In the car ride home, the camera inches closer and closer to Anita/Mia, her face cracking with sadness. The laughter between Mattie and Laura fades into the background until Anita/Mia gasps in shock, briefly regaining her self-awareness. The Anita personality sees her as rogue code and is trying to destroy her. But she has enough time to alleviate Laura’s fears, proving how deftly she understands emotions and what it means to be a mother. More important, she gives Mattie a message to relay to Leo. She’s here, but just not in her head.

With Max’s help, Mattie is able to track down an unconscious Leo. He gives her the answers she’s looking for by projecting his mostly digital memories. Leo’s memory fills in the holes of what we have already learned about his death and family dynamics. Mrs. Elster was gravely ill. Dr. Elster was either unable or unwilling to be more of a parent so he created his first self-aware synth to become Leo’s mother: Mia. Then came Fred, Niska, and finally the youngest, Max. Leo’s memories swerve from tragedy over his own death and his mother’s role in it to heartwarming in seeing him forge a bond with the other synths. But there’s also a sense of anger over Dr. Elster destroying his synth research and killing himself (or did he?). The most vibrant aspect of his memories centers on his bond with Mia. “All this time I thought she was your girlfriend or something,” Mattie says with a mix of shock and sympathy. Me, too, Mattie.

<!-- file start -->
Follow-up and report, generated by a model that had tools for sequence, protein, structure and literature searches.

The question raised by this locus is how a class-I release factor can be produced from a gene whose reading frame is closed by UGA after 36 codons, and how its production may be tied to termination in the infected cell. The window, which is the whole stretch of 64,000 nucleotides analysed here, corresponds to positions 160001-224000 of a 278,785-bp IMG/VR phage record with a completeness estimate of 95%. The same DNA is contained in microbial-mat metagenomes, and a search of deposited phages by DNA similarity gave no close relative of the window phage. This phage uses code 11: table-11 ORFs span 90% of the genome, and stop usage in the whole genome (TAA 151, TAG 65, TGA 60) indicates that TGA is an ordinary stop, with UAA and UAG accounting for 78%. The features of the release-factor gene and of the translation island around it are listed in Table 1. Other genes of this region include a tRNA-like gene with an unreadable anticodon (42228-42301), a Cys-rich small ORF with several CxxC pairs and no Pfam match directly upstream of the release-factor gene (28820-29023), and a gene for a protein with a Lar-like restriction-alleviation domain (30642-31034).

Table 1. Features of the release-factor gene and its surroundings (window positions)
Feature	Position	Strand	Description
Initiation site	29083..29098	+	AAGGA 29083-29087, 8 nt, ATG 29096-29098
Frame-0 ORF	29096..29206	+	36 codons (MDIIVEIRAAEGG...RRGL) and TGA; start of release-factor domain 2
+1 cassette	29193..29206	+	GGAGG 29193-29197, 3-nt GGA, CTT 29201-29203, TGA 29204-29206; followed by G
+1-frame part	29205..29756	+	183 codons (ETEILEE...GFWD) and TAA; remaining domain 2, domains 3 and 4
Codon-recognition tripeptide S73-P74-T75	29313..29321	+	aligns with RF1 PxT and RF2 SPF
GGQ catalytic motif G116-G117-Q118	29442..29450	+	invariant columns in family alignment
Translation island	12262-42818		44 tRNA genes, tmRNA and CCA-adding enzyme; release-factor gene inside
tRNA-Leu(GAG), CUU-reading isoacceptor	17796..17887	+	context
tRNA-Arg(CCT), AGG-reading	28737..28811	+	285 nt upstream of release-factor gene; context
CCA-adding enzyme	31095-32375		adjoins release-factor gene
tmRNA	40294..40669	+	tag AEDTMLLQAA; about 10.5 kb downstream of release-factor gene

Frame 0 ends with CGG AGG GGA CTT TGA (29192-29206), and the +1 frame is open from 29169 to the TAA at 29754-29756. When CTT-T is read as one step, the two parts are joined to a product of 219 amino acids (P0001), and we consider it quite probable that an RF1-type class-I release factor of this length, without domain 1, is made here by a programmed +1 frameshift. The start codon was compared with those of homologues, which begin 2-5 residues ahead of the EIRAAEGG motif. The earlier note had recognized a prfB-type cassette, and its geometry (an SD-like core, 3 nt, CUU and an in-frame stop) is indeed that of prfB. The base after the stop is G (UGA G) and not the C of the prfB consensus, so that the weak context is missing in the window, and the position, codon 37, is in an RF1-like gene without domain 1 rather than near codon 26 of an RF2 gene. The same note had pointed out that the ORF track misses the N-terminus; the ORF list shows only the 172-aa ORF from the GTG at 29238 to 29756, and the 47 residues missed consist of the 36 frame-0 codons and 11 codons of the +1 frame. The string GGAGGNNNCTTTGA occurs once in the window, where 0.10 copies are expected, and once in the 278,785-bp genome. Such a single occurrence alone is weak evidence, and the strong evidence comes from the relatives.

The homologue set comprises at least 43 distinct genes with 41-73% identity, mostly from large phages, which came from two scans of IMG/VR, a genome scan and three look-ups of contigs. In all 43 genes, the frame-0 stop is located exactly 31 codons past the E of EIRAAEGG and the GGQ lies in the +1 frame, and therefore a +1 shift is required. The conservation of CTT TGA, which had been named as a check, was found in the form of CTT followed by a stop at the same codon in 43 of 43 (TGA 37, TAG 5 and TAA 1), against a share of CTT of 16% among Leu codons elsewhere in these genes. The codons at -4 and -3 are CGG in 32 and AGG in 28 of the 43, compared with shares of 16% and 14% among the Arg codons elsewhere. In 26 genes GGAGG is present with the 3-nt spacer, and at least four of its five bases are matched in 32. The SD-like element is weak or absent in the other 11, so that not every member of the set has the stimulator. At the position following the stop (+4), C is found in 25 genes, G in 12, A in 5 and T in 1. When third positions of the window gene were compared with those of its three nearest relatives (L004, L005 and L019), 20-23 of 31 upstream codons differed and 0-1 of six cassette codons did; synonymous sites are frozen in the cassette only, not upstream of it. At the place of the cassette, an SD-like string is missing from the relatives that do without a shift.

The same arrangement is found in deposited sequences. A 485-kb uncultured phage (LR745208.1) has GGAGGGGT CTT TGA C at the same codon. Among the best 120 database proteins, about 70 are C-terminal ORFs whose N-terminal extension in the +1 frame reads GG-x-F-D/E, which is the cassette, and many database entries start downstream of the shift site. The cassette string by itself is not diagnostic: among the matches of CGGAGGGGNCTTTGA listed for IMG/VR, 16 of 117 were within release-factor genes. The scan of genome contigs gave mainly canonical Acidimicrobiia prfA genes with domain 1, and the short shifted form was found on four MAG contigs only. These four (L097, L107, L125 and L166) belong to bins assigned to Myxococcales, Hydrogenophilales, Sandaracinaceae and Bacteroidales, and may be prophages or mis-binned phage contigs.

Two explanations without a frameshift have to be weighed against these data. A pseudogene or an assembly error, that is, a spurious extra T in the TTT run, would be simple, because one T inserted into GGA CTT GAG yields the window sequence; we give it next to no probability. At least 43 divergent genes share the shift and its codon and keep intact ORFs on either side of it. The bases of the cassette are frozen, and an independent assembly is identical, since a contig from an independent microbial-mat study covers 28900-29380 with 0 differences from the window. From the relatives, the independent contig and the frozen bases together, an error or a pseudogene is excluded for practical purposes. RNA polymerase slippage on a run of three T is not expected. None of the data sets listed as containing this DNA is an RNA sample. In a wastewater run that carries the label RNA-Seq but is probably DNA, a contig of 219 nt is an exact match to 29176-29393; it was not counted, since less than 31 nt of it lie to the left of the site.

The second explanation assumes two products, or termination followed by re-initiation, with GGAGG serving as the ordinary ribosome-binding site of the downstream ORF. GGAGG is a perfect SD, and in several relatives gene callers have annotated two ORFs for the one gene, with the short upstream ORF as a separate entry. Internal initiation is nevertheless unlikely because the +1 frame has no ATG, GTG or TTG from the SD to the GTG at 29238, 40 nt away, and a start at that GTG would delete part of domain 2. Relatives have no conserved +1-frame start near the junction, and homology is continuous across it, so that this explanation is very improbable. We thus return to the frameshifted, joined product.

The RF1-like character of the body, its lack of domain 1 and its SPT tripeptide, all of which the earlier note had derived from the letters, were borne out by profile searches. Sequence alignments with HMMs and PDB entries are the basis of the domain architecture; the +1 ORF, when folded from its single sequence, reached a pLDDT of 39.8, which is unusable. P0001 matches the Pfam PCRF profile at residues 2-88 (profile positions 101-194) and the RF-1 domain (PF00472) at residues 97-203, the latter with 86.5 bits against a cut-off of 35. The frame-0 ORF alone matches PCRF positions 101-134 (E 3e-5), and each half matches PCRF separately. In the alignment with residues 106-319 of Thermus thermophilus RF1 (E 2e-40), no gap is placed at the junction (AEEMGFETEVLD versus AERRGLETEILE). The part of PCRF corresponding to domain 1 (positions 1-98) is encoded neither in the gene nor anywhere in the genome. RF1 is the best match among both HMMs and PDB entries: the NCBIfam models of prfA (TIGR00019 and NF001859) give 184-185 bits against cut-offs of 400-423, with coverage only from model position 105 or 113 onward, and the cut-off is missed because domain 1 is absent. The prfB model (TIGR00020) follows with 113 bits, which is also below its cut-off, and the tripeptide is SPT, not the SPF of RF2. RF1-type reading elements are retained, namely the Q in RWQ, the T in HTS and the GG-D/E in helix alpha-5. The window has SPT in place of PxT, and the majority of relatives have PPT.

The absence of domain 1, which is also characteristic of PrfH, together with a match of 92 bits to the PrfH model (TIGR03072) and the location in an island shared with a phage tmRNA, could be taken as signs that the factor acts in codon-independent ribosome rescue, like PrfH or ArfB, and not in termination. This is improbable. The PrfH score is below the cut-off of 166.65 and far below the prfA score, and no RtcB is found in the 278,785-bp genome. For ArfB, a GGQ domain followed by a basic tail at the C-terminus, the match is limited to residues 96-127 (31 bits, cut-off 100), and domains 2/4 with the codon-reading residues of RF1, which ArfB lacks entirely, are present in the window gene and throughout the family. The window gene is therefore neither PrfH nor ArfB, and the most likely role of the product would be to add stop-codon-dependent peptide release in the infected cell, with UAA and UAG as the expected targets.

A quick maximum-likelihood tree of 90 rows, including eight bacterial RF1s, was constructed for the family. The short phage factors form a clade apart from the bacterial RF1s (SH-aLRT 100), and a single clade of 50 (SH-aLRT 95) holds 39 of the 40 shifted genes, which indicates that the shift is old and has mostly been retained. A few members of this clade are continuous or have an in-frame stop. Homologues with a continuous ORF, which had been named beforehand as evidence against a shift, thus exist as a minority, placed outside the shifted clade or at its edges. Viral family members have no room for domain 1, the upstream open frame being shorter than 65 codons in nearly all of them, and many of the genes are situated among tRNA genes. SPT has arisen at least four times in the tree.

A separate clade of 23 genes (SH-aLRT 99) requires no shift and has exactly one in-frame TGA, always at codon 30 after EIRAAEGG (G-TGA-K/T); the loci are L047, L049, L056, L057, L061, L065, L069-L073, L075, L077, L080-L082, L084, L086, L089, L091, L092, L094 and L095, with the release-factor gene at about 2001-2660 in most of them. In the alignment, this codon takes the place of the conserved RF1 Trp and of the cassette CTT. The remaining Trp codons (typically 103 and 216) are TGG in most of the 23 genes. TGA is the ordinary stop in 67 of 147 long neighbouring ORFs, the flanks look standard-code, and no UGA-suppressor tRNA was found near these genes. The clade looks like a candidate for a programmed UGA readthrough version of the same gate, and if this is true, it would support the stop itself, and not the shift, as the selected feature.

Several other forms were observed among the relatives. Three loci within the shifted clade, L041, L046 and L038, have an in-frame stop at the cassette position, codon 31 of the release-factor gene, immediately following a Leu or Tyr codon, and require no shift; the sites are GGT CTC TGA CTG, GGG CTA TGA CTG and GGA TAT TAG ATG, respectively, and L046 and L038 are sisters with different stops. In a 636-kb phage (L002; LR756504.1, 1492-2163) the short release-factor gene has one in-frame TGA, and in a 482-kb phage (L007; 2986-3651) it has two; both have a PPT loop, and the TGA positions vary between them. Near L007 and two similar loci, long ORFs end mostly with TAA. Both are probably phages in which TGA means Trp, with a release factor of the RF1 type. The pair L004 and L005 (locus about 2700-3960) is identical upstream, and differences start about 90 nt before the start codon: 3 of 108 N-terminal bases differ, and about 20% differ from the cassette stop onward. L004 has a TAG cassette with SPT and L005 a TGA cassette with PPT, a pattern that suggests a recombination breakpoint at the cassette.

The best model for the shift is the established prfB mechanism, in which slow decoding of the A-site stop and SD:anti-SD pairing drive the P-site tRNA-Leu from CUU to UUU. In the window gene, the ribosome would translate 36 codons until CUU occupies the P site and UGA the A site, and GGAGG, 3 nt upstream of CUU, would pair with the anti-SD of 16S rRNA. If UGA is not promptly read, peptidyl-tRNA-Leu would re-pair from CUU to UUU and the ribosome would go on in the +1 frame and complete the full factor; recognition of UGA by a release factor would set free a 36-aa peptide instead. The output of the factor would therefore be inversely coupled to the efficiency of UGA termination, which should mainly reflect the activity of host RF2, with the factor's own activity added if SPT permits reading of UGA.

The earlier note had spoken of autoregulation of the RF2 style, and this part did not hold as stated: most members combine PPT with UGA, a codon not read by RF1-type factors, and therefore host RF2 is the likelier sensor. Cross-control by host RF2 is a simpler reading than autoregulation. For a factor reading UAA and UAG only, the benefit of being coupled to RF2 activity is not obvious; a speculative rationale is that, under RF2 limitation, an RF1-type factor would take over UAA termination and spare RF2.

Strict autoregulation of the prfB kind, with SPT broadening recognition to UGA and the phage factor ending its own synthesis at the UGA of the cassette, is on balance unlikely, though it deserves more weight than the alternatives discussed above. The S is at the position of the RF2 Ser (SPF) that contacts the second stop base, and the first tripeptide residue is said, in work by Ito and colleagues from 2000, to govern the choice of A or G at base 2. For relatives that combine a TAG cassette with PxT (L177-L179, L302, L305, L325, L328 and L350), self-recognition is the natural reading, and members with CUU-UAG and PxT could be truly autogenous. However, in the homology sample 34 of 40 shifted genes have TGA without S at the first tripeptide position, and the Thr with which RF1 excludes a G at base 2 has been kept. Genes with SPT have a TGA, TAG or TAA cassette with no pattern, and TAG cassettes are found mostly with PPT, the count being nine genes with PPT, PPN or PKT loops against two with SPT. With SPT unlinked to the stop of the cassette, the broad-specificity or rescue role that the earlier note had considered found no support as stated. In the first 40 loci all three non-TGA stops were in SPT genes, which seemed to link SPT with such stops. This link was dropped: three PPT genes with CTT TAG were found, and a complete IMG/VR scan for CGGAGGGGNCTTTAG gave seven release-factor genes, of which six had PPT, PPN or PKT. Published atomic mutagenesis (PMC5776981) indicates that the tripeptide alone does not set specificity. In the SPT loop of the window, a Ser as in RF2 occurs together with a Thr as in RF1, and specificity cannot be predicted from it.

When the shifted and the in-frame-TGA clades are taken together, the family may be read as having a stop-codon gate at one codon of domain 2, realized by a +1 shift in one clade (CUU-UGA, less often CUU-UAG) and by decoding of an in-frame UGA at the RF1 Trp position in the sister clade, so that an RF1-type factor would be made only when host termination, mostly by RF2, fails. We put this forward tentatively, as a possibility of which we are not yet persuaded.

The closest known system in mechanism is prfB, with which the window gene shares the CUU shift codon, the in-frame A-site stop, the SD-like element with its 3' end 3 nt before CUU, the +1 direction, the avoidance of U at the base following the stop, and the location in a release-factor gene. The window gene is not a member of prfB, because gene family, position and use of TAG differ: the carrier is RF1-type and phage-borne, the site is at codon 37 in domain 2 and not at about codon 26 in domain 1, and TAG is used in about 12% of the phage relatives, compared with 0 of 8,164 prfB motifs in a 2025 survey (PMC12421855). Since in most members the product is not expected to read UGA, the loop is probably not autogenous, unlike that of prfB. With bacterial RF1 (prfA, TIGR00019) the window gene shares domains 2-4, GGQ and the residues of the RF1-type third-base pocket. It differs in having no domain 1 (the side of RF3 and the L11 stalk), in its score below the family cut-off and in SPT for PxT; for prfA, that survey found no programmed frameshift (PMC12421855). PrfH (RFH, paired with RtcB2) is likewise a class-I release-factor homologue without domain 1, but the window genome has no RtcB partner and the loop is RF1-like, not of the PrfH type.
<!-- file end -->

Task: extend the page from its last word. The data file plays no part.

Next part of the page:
It’s thanks to Mattie that Mia (I’m dropping Anita since she’s gone at this point) comes back, when she ascertains where and how Mia may be hiding. The first thing she does after regaining control of her body and self-awareness is embrace Leo. “We thought we’d lost you forever,” Max says before swooping her into a hug. Gemma Chan is again the MVP, and I hope to see much more of her. Chan has found an ability to add shadings to the robot grappling with self-awareness I haven’t seen before.